VOODOO An unofficial religion derived from the ancestor worship and polytheism of primitive West Africa that emphasizes sorcery, spells and conjuring spirits of the dead. Voodoo also practices a syncretistic version of some Roman Catholic Christian rituals. Voodoo is principally practiced in the modern world on the Caribbean island of Haiti, and flourishes despite formal and informal opposition. 

WILL TO POWER - The philosopher Arthur Schopenhauer (1788-1860), who had a tremendous impact on the thought of Friedrich Nietzsche (1844-1900), believed that the fundamental instinct of man was the "will to live." Nietzsche, however, believed that even more fundamental than this "will to live" was the "will to power." "This world," wrote Nietzsche, "is the Will to Power - and nothing else! And you yourselves too are this Will to Power - and nothing else!"
Although on the surface, Nietzsche seems to be asserting a barbaric principle of "victory to the strongest," this is not what he is saying (he has been grossly misinterpreted and exploited here). What Nietzsche is insisting upon is a psychological principle that at the base of human behavior is an instinct or desire ( Will) to extend its influence or power, or to further its ability, for its own interests. For one person, conquest and excellence might reflect this will to power; for another person, submission or a glorious death might reflect this will to power (e.g. the power of martyrdom); for another person, self-discipline or self-mastery might reflect this will to power - so, the inference that Nietzsche's will to power is associated only with conquest or apparent greatness is a false inference. Nietzsche's concept of the will to power must be understood within the context of his existential idea that the human being strives to "Become . . .," rather than simply "to be." At the same time, however, Nietzsche's idea of the will to power would be fully attained when a human being reached the level of Ubermensch (i.e. Superman, Overman, hyperanthropos).

YOGA: A formal term describing spiritual disciplines followed for centuries by Hindus and Buddhists to attain higher consciousness and liberation from ignorance, suffering, and rebirth with the suppression of all activity of body, mind, and will. More broadly, it refers to any system of exercises for attaining bodily or mental control and well-being and is practiced by many in the West as a form of physical training. The emphasis on physical exercises is derived from a version known as hatha yoga.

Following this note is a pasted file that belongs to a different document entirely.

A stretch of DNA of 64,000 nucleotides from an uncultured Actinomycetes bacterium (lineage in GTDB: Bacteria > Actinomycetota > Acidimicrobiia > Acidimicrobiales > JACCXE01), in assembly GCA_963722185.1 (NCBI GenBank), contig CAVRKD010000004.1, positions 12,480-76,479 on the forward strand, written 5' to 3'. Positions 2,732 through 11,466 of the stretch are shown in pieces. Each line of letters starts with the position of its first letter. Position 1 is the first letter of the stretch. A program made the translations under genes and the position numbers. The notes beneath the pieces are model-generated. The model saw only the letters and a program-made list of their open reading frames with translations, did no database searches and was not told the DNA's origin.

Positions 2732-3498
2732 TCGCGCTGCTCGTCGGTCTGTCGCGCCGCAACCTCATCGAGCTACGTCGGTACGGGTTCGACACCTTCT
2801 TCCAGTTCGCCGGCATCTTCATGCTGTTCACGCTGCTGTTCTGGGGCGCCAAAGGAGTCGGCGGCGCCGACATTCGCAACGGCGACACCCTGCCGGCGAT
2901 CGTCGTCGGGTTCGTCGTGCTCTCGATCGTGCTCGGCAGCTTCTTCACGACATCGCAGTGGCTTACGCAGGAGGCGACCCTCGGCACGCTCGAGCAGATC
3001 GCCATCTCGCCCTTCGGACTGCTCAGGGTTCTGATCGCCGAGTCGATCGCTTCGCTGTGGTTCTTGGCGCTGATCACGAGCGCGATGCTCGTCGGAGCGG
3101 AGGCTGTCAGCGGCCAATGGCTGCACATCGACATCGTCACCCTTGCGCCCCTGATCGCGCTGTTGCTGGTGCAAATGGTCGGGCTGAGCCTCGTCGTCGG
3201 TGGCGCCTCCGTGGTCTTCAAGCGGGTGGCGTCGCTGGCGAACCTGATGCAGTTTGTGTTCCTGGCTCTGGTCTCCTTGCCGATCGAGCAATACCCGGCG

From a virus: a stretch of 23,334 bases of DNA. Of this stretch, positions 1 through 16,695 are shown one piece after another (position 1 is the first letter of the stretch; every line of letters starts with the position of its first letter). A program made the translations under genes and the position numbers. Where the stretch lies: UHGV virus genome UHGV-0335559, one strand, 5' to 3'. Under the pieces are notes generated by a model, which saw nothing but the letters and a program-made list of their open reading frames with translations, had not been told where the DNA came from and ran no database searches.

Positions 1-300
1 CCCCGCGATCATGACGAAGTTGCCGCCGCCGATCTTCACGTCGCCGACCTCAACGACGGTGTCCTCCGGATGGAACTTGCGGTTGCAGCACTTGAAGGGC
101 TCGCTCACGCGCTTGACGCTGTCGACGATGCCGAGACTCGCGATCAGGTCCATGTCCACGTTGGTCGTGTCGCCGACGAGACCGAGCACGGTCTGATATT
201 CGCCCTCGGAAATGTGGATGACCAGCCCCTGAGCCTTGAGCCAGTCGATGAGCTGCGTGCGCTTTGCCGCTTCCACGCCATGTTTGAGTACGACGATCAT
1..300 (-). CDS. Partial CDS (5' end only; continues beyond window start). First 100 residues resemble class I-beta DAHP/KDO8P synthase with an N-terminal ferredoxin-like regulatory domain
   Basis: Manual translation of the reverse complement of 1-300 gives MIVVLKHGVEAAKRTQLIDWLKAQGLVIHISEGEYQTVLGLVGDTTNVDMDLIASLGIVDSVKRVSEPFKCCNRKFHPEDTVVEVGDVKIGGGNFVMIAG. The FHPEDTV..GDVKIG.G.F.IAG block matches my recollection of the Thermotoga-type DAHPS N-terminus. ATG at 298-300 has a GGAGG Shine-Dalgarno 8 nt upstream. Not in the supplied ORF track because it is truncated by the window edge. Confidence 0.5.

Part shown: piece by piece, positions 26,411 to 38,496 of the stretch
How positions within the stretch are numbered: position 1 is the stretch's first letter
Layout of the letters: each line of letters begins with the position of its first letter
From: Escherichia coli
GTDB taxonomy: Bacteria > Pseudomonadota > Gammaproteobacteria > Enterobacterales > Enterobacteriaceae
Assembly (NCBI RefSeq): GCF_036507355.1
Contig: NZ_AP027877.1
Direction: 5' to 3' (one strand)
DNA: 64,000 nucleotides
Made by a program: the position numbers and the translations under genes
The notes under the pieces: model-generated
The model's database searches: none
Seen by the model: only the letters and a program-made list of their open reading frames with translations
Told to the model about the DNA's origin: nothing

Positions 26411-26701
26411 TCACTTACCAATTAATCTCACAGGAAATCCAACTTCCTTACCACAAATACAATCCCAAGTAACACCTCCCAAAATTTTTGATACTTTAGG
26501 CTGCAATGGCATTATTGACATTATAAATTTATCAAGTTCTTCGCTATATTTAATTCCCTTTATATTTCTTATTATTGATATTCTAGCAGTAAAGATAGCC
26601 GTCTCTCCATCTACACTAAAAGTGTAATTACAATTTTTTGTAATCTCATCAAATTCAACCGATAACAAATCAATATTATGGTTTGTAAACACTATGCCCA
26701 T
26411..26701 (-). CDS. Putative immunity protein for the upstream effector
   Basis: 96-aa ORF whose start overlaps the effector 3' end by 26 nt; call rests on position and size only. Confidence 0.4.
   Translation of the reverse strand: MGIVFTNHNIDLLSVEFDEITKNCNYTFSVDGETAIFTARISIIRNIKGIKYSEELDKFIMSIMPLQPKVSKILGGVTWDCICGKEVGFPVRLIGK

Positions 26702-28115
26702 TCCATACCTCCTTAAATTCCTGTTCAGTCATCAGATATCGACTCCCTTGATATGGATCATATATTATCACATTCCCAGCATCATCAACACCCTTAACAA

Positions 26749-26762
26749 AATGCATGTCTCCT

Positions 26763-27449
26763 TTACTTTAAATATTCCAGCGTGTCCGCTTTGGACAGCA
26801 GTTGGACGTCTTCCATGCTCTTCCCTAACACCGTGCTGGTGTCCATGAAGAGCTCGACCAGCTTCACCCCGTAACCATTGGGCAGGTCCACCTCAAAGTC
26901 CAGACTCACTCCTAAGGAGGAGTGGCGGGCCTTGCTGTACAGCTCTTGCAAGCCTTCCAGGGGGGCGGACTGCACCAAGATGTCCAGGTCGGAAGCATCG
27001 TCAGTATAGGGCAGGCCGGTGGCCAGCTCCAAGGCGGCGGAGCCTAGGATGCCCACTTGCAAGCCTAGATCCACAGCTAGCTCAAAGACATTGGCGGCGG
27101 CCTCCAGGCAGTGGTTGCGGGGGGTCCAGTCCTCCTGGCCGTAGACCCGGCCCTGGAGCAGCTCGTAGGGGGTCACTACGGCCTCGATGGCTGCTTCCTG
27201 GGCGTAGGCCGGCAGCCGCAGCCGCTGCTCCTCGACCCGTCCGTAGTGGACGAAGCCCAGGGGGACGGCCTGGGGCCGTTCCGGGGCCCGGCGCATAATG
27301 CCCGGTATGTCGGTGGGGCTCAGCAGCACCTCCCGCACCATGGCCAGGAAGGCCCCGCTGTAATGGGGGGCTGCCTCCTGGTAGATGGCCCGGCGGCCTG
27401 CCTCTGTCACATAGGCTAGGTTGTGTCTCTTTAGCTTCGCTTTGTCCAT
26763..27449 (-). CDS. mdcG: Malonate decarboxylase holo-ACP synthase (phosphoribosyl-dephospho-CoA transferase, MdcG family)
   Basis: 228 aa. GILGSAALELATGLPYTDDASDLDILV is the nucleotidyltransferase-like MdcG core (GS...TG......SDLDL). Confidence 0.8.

ZEN:  A sect of Mahayanan Buddhism that teaches enlightenment through meditation on a non-rational koan that results in direct intuition. Zen greatly influenced social and political life in Japan after the 14th century, especially the work of Matsuo Basho, the 15th century artist considered Japan's foremost practitioner of haiku. It has grown popular in the West largely through the writings of D.T. Suzuki.

ZOMBIES: Humanoid beings that behave like us and may share our functional organizations and even, perhaps, our neurophysiological makeups, but without qualetative conscious experiences.

ZOROASTER, ZOROASTRIANISM: Zoroaster is the 6th century B.C.E. founder of Zoroastrianism and traditionally recognized author of the Avesta, the holy scriptures of this ancient religion. Zoroaster taught there is a war occurring between the spirits of good (ahuras) and the spirits of evil (daevas or divs) that will result in the ultimate triumph of the supreme spirit of good, the Ahura Mazdah. Zoroastrianism almost disappeared when 7th Century Persia fell to Islam. It is still practiced in some parts of Iran and India. The ancient Iranian name for Zoroaster is ZARATHUSTRA